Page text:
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Smoke from forest fire forces plane to redirect

Jakarta Post
August 20, 2015
Category: Forest Fires
Region: International

Thick smoke filling the air in Jambi province in Sumatra prevented a plane carrying Religious Affairs Minister Lukman Hakim Saifuddin from landing at Sutan Thaha Syaifuddin Airport in Jambi on Thursday. The plane was redirected to land at Hang Nadin Airport on Batam Island, Riau Islands province. …Meanwhile, the Agency for Meteorology, Climatology and Geophysics (BMKG) reported that the number of hot spots in Jambi increased to 299 on Thursday from 107 on Tuesday. BMKG information official Kurnia Ningsih said that the condition was based on the monitoring carried out at 5 a.m. Head of Jambi Disaster Management Ageny Arif Munandar said fire fighters found it difficult to extinguish the fire as the forest fire spread rapidly.

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Carbon, Climate & Bioenergy

USDA has incentives for biomass crop production

Farm Futures
August 20, 2015
Category: Carbon, Climate & Bioenergy
Region: United States

USDA Farm Service Agency Administrator Val Dolcini on Wednesday announced that enrollment is now open for farmers and forest landowners seeking financial assistance for growing new sources of biomass for energy or biobased products within designated projects areas. The funds are available from the Biomass Crop Assistance Program, which was reauthorized by the 2014 Farm Bill… In June, USDA began accepting applications from foresters and farmers seeking financial assistance for removing biomass residues from fields or national forests for delivery to energy generation facilities; the deadline for those applications is Sept. 4, 2015. The retrieval payments are provided at a cost-share match of $1 for $1 up to $20 per dry ton with eligible crops including corn residue, diseased or insect infested wood materials, or orchard waste.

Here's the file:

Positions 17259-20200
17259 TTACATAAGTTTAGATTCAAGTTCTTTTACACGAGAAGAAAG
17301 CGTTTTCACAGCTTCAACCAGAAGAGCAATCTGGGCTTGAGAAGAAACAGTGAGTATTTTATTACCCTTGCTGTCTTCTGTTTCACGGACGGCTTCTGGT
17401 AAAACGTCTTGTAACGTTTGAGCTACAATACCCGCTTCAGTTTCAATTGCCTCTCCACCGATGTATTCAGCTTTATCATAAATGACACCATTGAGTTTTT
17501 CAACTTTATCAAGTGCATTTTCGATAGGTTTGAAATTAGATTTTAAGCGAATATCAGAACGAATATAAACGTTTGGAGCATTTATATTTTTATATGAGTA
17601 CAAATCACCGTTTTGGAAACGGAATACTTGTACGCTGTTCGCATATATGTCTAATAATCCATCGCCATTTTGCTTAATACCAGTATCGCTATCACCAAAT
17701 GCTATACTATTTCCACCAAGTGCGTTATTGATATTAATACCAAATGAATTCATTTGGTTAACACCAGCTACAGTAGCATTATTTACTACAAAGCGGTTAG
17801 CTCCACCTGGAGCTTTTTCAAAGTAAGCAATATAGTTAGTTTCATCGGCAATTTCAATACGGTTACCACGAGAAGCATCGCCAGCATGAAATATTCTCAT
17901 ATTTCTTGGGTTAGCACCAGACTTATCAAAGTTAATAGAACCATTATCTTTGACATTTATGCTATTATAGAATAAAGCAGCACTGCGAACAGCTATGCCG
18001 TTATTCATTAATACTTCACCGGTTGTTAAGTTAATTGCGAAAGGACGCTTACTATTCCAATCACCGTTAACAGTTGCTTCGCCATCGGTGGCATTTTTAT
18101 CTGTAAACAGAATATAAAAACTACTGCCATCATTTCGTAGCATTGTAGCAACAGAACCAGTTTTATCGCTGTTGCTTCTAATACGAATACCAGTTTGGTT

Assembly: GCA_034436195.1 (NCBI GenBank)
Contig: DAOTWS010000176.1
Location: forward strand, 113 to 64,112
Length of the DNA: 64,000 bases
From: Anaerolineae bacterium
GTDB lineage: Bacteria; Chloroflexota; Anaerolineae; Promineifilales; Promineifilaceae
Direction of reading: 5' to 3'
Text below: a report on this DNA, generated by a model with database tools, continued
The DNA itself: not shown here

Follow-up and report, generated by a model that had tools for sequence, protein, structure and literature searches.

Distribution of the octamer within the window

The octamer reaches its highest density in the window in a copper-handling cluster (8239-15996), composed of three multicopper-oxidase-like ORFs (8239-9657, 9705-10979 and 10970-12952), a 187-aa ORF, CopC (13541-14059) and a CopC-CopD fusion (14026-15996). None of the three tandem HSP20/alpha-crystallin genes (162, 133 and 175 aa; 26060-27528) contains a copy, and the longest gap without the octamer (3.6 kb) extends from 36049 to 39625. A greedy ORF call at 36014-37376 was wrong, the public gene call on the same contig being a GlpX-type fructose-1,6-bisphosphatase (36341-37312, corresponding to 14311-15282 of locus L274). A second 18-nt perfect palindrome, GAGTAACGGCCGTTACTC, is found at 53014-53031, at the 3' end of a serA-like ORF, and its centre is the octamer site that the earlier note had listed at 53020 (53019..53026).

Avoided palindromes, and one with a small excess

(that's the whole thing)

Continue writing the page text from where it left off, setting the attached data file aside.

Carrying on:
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General

Fire at Tolko mill

Castanet
August 19, 2015
Category: Uncategorised

The Lumby Fire Department was called to the Tolko mill near Lumby early Wednesday morning after a report of a fire in the hog fuel pile. The hog fuel pile – which consists of sawdust and wood waste – caught fire just before 5 a.m. Fire Chief Tony Clayton said there was smoke and fire coming out of the pile when crews arrived. “It’s about 10-feet deep by an acre,” he said, adding the fire had a lot of potential to become a significant blaze. When crews arrived, Clayton said the fire was “burning around two edges of the pile.” He said the wood waste generates its own heat and the fire was caused by spontaneous combustion.